Toxic air pollutants are poisonous substances that can cause cancer, birth defects, nervous system damage, and other serious health problems. They are emitted by cars, buses, trucks and a variety of industrial sources including electric power plants. Toxic air pollutants include metals, other small particles, and gases. One example is the chemical benzene, which is in gasoline. Inhaling fumes that contain benzene could increase your risk of getting cancer.
When Congress passed the Clean Air Act Amendments of 1990, it directed the U.S. Environmental Protection Agency to take action against 188 toxic air contaminants linked to cancer and other serious health problems. In addition to benzene, examples include mercury, dioxin, asbestos, cadmium, toluene and chromium. EPA already has issued standards for more than two dozen toxic pollutants. The standards eventually will reduce toxic air emissions by a million tons per year, according to the EPA.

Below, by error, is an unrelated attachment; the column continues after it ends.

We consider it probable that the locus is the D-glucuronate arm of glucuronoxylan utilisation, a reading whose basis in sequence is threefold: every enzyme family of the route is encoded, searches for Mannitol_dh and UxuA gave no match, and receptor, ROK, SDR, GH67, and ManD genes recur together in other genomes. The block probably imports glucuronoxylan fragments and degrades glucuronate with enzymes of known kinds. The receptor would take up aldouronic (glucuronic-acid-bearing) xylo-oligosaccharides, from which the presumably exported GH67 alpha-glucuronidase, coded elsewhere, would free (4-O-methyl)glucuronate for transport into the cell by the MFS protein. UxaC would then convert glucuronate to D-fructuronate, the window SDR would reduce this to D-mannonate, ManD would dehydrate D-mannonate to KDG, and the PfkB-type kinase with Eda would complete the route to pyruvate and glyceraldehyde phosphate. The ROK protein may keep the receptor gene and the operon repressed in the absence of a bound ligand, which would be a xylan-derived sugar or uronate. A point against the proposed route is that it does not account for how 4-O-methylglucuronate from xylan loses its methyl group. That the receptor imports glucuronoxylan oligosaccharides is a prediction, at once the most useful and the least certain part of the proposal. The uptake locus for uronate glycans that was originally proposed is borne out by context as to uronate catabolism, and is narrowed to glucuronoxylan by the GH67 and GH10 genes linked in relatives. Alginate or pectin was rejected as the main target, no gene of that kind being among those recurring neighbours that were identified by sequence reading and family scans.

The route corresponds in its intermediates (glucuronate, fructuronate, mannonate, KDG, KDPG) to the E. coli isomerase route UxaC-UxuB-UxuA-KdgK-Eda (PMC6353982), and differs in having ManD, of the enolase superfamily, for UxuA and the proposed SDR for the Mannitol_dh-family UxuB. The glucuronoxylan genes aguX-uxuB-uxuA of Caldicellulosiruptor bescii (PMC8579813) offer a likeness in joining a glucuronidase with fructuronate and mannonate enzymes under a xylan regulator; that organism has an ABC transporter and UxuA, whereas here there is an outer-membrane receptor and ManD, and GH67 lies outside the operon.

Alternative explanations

One of the most prominent toxic problems is mercury, which accumulates in fish. Fish consumption advisories have been issued for thousands of water bodies nationwide in dozens of states. One of the biggest mercury polluters -- the electric power industry -- persuaded Congress in 1998 to forbid EPA from taking action against power plant mercury pending further study.